Rob Dover, Norfolk real estate developer/manager, is Nebraska’s newest state senator

By: - July 22, 2022 12:15 pm
rob dover

Rob Dover, head of a Norfolk real-estate company and firms that manage and develop properties, takes the oath of office Friday to join the Nebraska Legislature. Administering the oath, right, is Nebraska Secretary of State Bob Evnen. Holding the Bible is Dover’s wife, Ann. (Paul Hammel/Nebraska Examiner)

LINCOLN — Robert “Rob” Dover, president of a real estate firm in Norfolk and companies that manage and develop properties, is Nebraska’s newest state senator.

Gov. Pete Ricketts, in a brief swearing-in ceremony Friday, announced the appointment, filling the vacancy in the Nebraska Legislature’s 19th District.

Former State Sen. Mike Flood resigned after being chosen, in a special election, to serve out the remainder of the term of U.S. Rep. Jeff Fortenberry, who left office after being convicted of lying to federal agents investigating illegal campaign contributions.

Pledges to run in ’24

Dover will serve until January 2025, and the governor said Dover has pledged to run for election to the seat in 2024.

Ricketts said he was impressed with Dover’s background as an entrepreneur and with the fact that he has created jobs “and really invested in the Norfolk area,” as well with as his civic activities.

“I also know he’s going to be solid on conservative values. He’s going to be pro-life, he’s going to be defending our Second Amendment values,” the governor said.

Rob Dover
State Sen. Robert “Rob” Dover of Norfolk
(Courtesy of office of Gov. Ricketts)

Dover, who served on the Nebraska Real Estate Commission from 2007-13, is president of Coldwell Banker Dover Realtors, a firm founded by his father in 1963. He also heads Dover Management Company, which manages residential and commercial property, and is vice president of Whitecliff Development, which has undertaken multiple development projects.

Will work to cut taxes

“I’ll work in the Legislature to help reduce the tax burden on Nebraska’s families,” he said. “I’ll also use my education and experience in finance to ensure the State wisely stewards taxpayer dollars.”

Dover, a registered Republican, listed Flood and another former state senator, Jim Scheer, as references.

Others who applied for the job, obtained via Freedom of Information Act request of the governor’s office, were Norfolk businessman Carl Weiland; Randy Dee, a re-employment coordinator with the state; Dan Spray, owner of an internet firm; Rick Benson, a retired Nucor Steel employee; Dr. Daniel Wik, a pain management specialist; Michael Vincent, pastor of Victory Road Evangelical Free Church; and Neil Johnson, owner of a hay grinding business.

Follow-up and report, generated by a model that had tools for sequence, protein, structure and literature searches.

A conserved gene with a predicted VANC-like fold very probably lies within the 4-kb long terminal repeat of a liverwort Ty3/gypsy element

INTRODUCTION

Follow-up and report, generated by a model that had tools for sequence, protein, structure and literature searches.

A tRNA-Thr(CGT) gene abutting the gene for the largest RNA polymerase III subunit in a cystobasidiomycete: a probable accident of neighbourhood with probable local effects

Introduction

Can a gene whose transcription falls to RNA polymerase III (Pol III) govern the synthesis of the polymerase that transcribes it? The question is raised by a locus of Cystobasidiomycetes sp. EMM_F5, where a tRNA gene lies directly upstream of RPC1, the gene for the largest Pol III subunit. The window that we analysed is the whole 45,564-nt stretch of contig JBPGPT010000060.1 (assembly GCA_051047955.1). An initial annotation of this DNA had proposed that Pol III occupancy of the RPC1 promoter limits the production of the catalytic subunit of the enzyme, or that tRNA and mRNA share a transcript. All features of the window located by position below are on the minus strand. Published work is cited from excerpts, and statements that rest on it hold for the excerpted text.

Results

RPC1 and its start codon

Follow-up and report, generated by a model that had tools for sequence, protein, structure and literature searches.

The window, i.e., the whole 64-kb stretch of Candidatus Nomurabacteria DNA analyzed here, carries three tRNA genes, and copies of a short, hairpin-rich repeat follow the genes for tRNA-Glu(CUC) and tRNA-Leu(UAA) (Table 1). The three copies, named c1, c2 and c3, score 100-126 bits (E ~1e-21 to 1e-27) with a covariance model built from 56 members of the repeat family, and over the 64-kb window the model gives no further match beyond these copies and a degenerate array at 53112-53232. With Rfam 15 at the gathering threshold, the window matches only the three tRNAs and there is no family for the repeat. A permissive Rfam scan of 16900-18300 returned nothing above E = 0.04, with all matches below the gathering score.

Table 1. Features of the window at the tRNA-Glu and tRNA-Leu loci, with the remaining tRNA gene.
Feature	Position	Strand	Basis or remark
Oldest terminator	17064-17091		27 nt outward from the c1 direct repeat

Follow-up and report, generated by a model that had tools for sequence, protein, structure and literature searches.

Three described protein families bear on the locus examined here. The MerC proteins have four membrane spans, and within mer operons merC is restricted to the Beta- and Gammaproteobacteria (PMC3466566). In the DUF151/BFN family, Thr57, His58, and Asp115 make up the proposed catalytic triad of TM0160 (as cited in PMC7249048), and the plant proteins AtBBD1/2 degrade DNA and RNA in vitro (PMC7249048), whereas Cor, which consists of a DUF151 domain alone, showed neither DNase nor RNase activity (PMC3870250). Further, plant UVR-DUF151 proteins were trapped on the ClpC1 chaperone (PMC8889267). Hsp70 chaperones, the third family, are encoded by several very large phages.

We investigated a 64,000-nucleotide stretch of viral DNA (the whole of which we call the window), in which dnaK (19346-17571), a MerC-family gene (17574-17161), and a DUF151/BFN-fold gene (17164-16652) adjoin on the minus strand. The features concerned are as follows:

Applicants outside the district

Two stay-at-home dads from Lincoln, Mat Thompson, and Chris Lawrence, and a floor tech from Lincoln, Dan Brill, also applied for the post, as did Larry Bolinger of Alliance, a student and candidate for state attorney general for the Legal Marijuana NOW Party.

A Ricketts spokeswoman said that the governor has a policy of not considering candidates who live outside of the legislative district. State law requires that person live in a legislative district at least one year before taking office.

Dover’s opposition to abortion rights mirrors that of Flood. That is important as Ricketts, who opposes abortion, searches for the 33 votes needed to pass an abortion ban, following the U.S. Supreme Court’s decision tossing out the right to abortion.

Special session uncertain

This spring, the Nebraska Legislature fell two votes short — 31 votes of the 33 required — of heading off a filibuster that killed a proposed “trigger” bill to enact an abortion ban if the Supreme Court overruled Roe v. Wade.

Earlier this week, Ricketts said he’s still working with the Speaker of the Legislature, Lincoln Sen. Mike Hilgers, on whether to call a special session to enact an abortion ban.

Sources tell the Nebraska Examiner that the governor still lacks the 33 votes needed to pass such a bill, raising the possibility that a special session will not be held and the issue instead will be debated during the 2023 legislative session.

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Paul Hammel
Paul Hammel

Senior Reporter Paul Hammel has covered the Nebraska Legislature and Nebraska state government for decades. He started his career reporting for the Omaha Sun and later, editing the Papillion Times group in suburban Omaha. He joined the Lincoln Journal-Star as a sports enterprise reporter, and then a roving reporter covering southeast Nebraska. In 1990, he was hired by the Omaha World-Herald as a legislative reporter. Later, for 15 years, he roamed the state covering all kinds of news and feature stories. In the past decade, he served as chief of the Lincoln Bureau and enterprise reporter. Paul has won awards for reporting from Great Plains Journalism, the Associated Press, Nebraska Newspaper Association and Suburban Newspapers of America. A native of Ralston, Nebraska, he is vice president of the John G. Neihardt Foundation, a member of the Nebraska Hop Growers and a volunteer caretaker of Irvingdale Park in Lincoln.